Scientists have discovered the remains of Africa’s oldest dinosaurs, which lived around 230 million years ago, in Zimbabwe. The dinosaur, known as Mbiresaurus raathi, was found on two expeditions in 2017 and 2019 by a group of researchers from Zimbabwe, Zambia, and the United States. The dinosaur species is roughly equivalent in age to the oldest dinosaurs in the world. The newly discovered dinosaur ran around on two legs and had a small head. Scientists believe the species is an omnivore that eats plants, small animals, and insects. It belongs to the sauropodomorph species, the same linkage as giant long-necked dinosaurs like Diplodocus, Brachiosaurus, and Apatosaurus. While the true sauropods weighed around 80,000 kg and measured 30–40 meters long.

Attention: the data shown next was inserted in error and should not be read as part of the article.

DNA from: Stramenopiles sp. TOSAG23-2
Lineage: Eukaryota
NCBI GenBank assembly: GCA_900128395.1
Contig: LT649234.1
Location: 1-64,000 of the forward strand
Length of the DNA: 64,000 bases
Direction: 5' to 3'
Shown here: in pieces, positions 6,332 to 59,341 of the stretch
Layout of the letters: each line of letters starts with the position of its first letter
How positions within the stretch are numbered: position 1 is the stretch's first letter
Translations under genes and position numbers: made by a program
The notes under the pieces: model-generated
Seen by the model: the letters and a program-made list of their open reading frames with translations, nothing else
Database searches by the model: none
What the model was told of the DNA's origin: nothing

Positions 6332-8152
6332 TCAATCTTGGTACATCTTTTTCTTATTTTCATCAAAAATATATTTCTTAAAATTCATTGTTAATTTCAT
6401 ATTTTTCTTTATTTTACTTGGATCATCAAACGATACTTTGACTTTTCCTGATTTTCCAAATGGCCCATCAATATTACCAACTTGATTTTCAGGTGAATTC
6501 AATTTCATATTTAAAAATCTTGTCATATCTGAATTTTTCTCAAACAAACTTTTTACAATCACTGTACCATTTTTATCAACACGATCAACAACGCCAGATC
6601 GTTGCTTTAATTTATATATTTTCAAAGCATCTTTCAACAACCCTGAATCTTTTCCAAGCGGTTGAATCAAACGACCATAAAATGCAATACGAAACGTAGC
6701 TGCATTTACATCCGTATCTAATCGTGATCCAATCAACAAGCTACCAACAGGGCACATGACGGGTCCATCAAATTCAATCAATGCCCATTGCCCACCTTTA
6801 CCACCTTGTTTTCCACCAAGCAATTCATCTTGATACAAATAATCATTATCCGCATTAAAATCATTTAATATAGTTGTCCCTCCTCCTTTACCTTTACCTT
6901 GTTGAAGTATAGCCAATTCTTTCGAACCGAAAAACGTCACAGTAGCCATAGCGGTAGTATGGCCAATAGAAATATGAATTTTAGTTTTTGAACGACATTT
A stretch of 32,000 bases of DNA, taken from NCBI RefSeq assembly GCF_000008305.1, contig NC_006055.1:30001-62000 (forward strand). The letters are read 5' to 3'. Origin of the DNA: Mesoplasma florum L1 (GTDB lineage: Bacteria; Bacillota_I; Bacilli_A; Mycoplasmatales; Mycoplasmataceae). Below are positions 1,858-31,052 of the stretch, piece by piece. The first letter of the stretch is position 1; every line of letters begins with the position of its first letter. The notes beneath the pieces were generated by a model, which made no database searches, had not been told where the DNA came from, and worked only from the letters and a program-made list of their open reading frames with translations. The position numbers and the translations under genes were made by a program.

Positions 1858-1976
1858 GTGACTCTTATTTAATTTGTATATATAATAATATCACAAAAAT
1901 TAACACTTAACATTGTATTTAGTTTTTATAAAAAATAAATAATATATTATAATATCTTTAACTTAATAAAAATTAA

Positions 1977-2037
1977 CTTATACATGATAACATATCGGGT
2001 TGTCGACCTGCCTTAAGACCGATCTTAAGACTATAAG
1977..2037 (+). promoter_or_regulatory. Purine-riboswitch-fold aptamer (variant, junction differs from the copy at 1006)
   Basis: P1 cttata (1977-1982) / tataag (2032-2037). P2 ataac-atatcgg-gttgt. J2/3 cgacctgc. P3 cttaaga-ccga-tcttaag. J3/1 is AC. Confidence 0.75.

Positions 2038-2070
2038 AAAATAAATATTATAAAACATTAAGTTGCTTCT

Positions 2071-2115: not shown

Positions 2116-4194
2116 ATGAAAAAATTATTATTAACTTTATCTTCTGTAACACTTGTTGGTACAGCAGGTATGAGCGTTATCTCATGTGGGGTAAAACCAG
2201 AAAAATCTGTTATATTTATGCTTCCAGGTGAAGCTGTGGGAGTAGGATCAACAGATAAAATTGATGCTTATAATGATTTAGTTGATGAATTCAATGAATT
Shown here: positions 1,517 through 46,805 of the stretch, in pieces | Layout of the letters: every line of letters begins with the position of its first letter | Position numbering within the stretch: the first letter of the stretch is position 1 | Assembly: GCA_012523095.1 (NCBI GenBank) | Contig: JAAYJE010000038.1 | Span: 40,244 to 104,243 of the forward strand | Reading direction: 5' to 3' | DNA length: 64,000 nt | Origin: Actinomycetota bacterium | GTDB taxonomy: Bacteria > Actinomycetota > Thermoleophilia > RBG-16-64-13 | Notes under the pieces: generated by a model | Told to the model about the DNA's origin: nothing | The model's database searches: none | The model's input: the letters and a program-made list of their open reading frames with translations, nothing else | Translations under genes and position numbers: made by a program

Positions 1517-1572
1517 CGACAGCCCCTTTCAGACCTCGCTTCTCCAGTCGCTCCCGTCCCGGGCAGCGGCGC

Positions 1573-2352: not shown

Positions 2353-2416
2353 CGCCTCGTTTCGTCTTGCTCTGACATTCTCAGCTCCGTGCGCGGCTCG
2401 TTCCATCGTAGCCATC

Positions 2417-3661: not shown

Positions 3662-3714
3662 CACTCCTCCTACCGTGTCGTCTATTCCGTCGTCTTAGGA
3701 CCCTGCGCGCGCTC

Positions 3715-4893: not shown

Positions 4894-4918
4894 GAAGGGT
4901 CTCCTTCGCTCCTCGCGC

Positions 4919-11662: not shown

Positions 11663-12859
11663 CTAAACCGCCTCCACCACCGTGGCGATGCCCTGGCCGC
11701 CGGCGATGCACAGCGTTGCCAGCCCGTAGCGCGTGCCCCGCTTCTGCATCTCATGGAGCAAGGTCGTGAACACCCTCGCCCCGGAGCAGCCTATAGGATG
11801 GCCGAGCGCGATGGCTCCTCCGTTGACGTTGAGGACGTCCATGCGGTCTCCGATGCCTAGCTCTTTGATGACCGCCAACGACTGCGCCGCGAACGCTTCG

They discovered an almost intact skeleton, missing only some of the forearms and a portion of the skull. It was only about one meter tall, with a long tail, and weighed up to 30 kg. This finding sheds light on the geographical gap and helps explain the emergence of dinosaurs. It is believed that Africa was once a part of the supercontinent Pangaea, and the supercontinent’s climate was divided into extremes of aridity and humidity along Earth’s latitudes. Previously, scientists hypothesized that these climate belts influenced and constrained animal distribution. Northern Zimbabwe fell along the same climate belt as southern Brazil and India during the late Triassic. Dinosaurs are believed to have adapted to high altitudes like present-day Zimbabwe, which was humid and had ample vegetation. This discovery might be what scientists are looking for to prove the theory of continental drift.
The evolution of dinosaur’s is still being studied and how they came to be and how they got extinct is more complicated than what has been previously predicted. The discovered fossils will contribute to paleontology in Zimbabwe and the long search to understand the questions regarding dinosaurs. The entire skeleton and the additional fossils that were discovered will be kept at Zimbabwe’s Natural History Museum.